Budgetarily, the past several months have been intensely frenetic and stressful, characterized by the expression of passionate support by OSU President Ed Ray, our students, stakeholders from practically every walk of life, newspaper editorials, and key legislators.
The Governor’s recommended budget for the Oregon Agricultural Experiment Station, OSU Extension, and OSU Forest Research Laboratory for the 2011-2013 biennium proposed an almost 20 percent reduction from the 2009-2011 budget. Once the magnitude of that reduction was clear, with the help of stakeholders, we mounted an effort to seek the legislature’s support for an add back of $12 million and holding the budget reduction to no more than eight percent.
Our stakeholders – representing the vast expanse of the natural resources and conservation groups, along with literally hundreds of farmers, ranchers, vintners, orchardists, cheesemakers, vegetable producers, foresters, nurserymen, 4-Hers and FFAers, Master Gardeners, bankers, lawyers, doctors, judges, grocers, and just plain citizens – from the left to the right of the political spectrum – stepped up to contact legislators.
At legislative hearings, stakeholders spoke passionately about the Agricultural Experiment Station, Extension Service, and Forest Research Laboratory – the so-called Statewide Public Service Programs. Some evoked deep emotions as they spoke of what these endeavors enabled them to do. President Ray spoke passionately about the Land Grant DNA of Oregon State University and how the Agricultural Experiment Station, Extension Service, and Forest Research Laboratory were core to that Land Grant mission. All urged legislators to add back $12 million.
The $12 million add back became the Mantra.
Stakeholders met legislators – particularly the leadership of the Oregon legislature’s House and Senate – in their offices or in their districts and at grocery stores or in doctors’ offices. They made telephone calls. They wrote letters. They sent postcards. In droves, they attended OSU Day at the Capitol and made their case with legislators, chanting the Mantra – add back $12 million.
A passionate group of individuals mobilized other stakeholders who could provide personal narratives of the importance of funding the Agricultural Experiment Station, Extension Service, and Forest Research Laboratory. These narratives were repeated in many parts of the state: in Portland; in Bend; in Pendleton; in Medford; in Newport. Each told a unique and intensely personal story – about jobs and the economy, about mint, about ice cream, about cattle, about orchards, about food safety, about water, about air, about food, about exports, about 4-H, about Master Gardener, about wheat, about potatoes, about the range, about natural resources, about wine, about restaurants. Their stories depicted an amazing array of the breadth of people and endeavors impacted by the Agricultural Experiment Station, Extension Service, and Forest Research Laboratory. Each ended their personal story and chanted the Mantra – add back $12 million.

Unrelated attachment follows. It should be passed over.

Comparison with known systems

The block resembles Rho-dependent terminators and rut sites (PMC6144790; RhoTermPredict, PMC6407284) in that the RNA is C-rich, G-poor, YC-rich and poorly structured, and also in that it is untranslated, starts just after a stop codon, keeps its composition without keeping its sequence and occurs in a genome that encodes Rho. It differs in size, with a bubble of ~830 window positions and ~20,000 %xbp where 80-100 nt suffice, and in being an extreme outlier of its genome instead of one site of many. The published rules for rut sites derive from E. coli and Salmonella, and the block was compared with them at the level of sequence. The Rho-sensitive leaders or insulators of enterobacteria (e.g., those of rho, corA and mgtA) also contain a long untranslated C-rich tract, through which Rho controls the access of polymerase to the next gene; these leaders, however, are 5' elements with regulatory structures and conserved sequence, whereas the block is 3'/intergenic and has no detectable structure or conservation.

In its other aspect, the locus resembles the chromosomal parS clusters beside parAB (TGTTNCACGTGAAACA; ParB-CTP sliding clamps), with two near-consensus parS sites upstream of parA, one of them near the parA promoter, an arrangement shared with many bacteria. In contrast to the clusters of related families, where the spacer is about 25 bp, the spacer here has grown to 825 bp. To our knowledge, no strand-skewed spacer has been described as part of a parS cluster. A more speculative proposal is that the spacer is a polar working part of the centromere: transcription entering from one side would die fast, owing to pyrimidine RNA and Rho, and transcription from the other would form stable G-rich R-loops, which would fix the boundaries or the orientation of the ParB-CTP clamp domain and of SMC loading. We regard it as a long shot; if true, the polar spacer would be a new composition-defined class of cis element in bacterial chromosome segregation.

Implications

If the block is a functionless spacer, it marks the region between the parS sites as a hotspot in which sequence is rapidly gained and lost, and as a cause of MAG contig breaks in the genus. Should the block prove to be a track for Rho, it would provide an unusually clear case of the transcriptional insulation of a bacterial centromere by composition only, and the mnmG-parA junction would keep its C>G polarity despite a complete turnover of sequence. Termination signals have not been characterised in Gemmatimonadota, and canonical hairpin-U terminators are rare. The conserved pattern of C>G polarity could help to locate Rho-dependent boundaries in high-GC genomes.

Newspaper articles were written. And editorials. Each ending with the Mantra – add back $12 million.
The legislative leadership identified $9.1 million. The stakeholders continued to chant the Mantra – add back $12 million.
Legislative leadership identified an additional $2.9 million.
More stakeholders reminded the legislators about – you got it, the Mantra – add back $12 million.
Right down to the wire.
The $2.9 million add back was part of what was referred to as a “Christmas Tree” bill. And it passed.
And, finally, the bill with the $9.1 million passed.
The legislature responded to the stakeholders and came through: $12 million was added back to the proposed 2011-2013 budget for the Agricultural Experiment Station, Extension Service, and Forest Research Laboratory.
While I was ready to pull out the noisemakers and celebrate – my colleagues Bill Boggess and Jack Breen reminded me we are still short $8 million for the Agricultural Experiment Station, Extension Service, and Forest Research Laboratory for the 2011-2013 biennium. That is, of course, significantly better than the $20 million reduction originally proposed!
We have identified a way forward that will include offsets from grants and contracts and loss of some services and positions due to attrition. We hope there might be additional Education and General budget dollars. Still, there must be an additional reduction in our overall endeavors.
Combined with reductions of the past few years, we are down about a third in overall state support for our endeavors. Longer term, we will need to work to reverse this, if we are to continue to have a significant impact on Oregon’s economy.
The ride over the past months has been intense, and I am glad we have the $12 million added back. This would not have been possible without a bunch of heroes in this amazing, months-long effort: our passionate stakeholders and several key legislators.
The new biennium looks a lot better today than it did just a few, short months ago. And, let’s hope it stays that way.
Mazel Tov and thanks, everyone!
Dean and Reub Long Professor